A professional tape wiper should be used to erase video tapes. DVD or CD hard copies that cannot be erased must be physically destroyed. The patient should receive a written notification that the recording has been erased.
Copyright of recordings
Audio/video recordings need to be treated in the same way as written medical records with regard to confidentiality. Similar to medical records, they can be subpoenaed by the courts. In ensuring the safe storage of recordings within institutes, it is desirable to create an audit loop to check for adherence to institutional guidelines.
| Conclusion|| |
Even after taking all these precautions to include all the information and risks involved in the procedure, the validity of consent is not known till the lawsuit is resolved in court. Hence, having a cordial relationship with the patient is of paramount importance. In addition, audiovisual presentation and recording of informed consent will make sure that the subject is adequately informed about the risks and benefits of enrolling in the study and also to ensure that their participation is voluntary. The audio/video recording will, thus, serve as a proof of a well-informed consent.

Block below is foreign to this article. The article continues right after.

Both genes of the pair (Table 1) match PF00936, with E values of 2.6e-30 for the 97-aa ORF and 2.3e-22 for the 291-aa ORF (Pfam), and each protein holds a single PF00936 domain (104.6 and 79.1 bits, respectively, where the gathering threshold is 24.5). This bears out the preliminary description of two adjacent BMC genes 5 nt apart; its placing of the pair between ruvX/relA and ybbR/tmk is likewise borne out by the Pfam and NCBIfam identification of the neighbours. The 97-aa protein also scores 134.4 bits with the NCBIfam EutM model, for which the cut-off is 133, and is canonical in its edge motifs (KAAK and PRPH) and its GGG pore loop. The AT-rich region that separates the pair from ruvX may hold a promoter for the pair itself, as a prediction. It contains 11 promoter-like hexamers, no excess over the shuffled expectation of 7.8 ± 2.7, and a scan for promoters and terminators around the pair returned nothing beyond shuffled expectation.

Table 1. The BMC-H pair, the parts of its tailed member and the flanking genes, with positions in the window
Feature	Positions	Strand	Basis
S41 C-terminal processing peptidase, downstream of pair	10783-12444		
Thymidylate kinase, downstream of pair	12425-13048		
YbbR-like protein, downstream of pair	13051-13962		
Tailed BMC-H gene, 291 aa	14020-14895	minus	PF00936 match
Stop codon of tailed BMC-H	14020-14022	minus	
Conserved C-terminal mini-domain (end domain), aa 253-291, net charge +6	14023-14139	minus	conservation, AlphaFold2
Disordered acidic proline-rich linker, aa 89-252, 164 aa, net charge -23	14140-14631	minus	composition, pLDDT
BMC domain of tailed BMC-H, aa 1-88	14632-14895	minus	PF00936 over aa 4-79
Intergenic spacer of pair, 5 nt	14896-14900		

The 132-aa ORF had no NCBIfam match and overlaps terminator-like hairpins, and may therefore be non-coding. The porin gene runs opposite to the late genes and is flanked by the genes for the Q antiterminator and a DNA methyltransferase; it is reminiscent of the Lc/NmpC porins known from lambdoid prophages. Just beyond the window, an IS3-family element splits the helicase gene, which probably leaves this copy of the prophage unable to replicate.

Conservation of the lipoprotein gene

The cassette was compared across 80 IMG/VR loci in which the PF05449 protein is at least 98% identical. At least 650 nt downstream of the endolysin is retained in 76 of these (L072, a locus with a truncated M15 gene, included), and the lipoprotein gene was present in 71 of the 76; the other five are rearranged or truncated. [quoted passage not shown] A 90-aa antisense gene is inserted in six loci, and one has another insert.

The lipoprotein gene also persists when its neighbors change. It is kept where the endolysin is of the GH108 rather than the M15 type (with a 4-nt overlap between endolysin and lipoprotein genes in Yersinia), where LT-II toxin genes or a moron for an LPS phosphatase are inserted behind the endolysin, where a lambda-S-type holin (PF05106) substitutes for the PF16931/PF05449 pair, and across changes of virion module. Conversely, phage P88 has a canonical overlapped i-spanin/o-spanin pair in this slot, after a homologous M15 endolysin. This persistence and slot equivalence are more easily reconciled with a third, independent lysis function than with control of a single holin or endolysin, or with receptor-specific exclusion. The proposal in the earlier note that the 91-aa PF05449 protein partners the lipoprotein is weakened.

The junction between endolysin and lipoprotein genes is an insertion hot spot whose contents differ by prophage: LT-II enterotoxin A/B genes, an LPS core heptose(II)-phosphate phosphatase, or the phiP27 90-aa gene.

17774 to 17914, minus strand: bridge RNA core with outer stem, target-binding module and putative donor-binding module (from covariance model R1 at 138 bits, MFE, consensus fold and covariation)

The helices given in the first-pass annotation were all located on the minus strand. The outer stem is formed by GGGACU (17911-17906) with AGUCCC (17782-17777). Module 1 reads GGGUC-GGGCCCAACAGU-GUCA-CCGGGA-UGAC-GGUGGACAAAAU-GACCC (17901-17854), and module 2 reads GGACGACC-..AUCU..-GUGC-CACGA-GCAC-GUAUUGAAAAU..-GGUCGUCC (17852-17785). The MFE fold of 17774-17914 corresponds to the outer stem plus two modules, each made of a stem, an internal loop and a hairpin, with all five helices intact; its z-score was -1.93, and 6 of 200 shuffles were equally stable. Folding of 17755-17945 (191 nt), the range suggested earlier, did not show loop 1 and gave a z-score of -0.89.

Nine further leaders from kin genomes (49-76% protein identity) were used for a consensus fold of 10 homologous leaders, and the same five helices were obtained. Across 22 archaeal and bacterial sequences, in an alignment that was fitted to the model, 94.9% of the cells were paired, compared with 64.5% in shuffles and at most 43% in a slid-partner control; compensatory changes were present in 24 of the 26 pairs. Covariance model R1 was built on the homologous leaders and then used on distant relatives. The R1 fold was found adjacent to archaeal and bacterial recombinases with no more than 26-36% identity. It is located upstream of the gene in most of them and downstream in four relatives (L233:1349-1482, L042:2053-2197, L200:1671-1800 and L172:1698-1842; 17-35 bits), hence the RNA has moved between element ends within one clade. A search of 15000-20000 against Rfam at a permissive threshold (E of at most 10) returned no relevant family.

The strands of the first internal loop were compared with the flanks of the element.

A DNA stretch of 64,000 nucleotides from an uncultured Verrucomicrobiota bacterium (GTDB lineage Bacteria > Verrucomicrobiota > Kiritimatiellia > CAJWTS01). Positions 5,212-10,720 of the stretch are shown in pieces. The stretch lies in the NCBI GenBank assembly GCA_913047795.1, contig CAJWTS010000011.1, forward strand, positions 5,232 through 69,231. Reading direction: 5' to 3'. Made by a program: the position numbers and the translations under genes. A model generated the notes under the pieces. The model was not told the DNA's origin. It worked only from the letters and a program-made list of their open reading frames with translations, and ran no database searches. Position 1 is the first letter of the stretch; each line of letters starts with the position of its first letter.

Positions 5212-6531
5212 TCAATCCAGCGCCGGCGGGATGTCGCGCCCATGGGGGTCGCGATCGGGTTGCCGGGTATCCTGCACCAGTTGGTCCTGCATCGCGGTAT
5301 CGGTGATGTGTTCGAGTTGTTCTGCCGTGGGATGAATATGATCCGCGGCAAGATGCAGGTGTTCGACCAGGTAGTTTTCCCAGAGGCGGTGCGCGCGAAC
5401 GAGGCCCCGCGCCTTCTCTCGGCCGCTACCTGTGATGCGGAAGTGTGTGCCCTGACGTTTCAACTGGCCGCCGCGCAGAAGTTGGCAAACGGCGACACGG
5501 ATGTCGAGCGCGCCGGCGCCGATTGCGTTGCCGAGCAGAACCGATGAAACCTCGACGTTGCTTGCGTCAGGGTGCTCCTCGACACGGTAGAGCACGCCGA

| References|| |
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|4.||Cosmetics Challenge: Informed Consent as a Process. Available from: http://bmctoday.net/practicaldermatology/2010/03/ article.asp?f=cosmetics-challenge-informed-consent-as-a-process [Last accessed on 12 Feb 2013]. |
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|7.||American Society of Clinical Oncology. American Society of Clinical Oncology policy statement: Oversight of clinical research. J Clin Oncol 2003;21:2377-86. |
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|9.||Audio-visual presentation of information for informed consent for participation in clinical trials (Ryan et al. 2007). Available from: http://www.latrobe.edu.au/chcp/assets/downloads/HKN_evidence bulletin_310308.pdf [Last accessed date on 12 Feb 2013]. |